By BEN FOX, Associated Press
GUANTANAMO BAY NAVAL BASE, Cuba (AP) — The self-proclaimed mastermind of the Sept. 11 attacks repeatedly declined to answer a judge's questions Saturday and his co-defendants knelt in prayer in what appeared to be a concerted protest against the military proceedings.
Khalid Sheikh Mohammed and four other men appeared for the first time in more than three years for arraignment at a military tribunal at Guantanamo Bay, charged with 2,976 counts of murder for the 2001 attacks.
The hearing quickly bogged down before they could be arraigned. The men took off the earphones that provide Arabic translations and refused to answer any questions from the judge, Army Col. James Pohl, dramatically slowing a hearing that is heavy on military legal procedure.
At one point, two defendants got up and prayed alongside their defense tables under the watchful eyes of troops arrayed along the sides of the high-security courtroom on the U.S. base in Cuba.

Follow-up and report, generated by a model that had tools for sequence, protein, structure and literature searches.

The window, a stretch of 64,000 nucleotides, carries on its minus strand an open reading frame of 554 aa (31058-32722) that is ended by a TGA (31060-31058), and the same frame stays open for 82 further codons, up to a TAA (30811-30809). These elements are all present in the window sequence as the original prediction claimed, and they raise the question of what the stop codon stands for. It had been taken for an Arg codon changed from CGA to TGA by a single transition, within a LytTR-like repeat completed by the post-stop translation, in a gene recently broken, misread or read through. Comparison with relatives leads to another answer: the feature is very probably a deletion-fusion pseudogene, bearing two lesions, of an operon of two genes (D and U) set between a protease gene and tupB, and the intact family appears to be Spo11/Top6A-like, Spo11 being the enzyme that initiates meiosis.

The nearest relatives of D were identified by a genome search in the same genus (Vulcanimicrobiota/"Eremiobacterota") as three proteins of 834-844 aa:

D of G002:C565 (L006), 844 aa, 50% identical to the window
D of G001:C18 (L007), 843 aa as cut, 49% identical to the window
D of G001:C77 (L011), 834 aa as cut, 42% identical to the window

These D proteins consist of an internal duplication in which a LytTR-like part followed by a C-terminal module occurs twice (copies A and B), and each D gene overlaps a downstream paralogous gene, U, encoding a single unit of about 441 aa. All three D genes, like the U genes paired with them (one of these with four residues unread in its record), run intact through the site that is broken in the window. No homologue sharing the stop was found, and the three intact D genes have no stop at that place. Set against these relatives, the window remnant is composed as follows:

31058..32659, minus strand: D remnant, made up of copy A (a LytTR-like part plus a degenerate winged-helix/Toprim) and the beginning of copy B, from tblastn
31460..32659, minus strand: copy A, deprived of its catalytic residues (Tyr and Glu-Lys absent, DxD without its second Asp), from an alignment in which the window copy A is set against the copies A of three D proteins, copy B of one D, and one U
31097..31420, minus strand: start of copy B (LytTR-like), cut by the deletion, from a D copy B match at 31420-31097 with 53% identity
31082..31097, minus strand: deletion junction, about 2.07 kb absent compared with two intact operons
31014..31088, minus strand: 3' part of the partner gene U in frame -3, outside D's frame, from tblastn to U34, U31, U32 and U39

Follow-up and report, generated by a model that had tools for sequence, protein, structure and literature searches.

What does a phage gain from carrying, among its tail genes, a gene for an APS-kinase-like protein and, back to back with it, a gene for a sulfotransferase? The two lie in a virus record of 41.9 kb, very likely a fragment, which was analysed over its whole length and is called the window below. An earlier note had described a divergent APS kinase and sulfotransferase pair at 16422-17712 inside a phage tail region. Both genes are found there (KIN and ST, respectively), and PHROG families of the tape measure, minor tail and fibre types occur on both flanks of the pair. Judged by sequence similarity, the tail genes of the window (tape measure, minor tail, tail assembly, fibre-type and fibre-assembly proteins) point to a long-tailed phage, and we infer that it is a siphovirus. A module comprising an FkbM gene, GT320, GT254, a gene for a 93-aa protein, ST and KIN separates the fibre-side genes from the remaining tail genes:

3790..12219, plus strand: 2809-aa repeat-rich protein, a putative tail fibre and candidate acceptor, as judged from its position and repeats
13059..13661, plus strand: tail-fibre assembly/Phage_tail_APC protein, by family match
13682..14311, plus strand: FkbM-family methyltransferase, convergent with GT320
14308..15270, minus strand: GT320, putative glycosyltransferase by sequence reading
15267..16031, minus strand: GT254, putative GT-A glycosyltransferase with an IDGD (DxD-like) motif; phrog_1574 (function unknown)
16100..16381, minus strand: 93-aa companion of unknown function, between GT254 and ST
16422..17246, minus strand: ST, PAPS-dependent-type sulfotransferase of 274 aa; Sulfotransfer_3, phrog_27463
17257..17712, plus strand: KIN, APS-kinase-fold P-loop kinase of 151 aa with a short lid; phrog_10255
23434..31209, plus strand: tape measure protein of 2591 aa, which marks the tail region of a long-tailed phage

Guantanamo testimony: U.S. let bin Laden's top bodyguard go
By Carol Rosenberg | The Miami Herald
GUANTANAMO BAY NAVY BASE, Cuba — Soon after Osama bin Laden's driver got here in 2002, he told interrogators the identity of the al Qaeda chief's most senior bodyguard — then a fellow prison camp detainee.
But, inexplicably, the U.S. let the bodyguard go.
This startling information was revealed in the fourth day of the war crimes trial of Salim Hamdan, 37, facing conspiracy and material support for terror charges as an alleged member of bin Laden's inner circle.
Michael St. Ours, an agent with the Naval Criminal Intelligence Service, NCIS, provided the first tidbit. He testified for the prosecution that his job as a prison camps interrogator in May 2002 was to find and focus on the bodyguards among the detainees.
And Hamdan helped identify 30 of them — 10 percent of the roughly 300 detainees then held here. They had just been transferred to Camp Delta from the crude compound called Camp X-Ray, and U.S. intelligence was still trying to unmask them.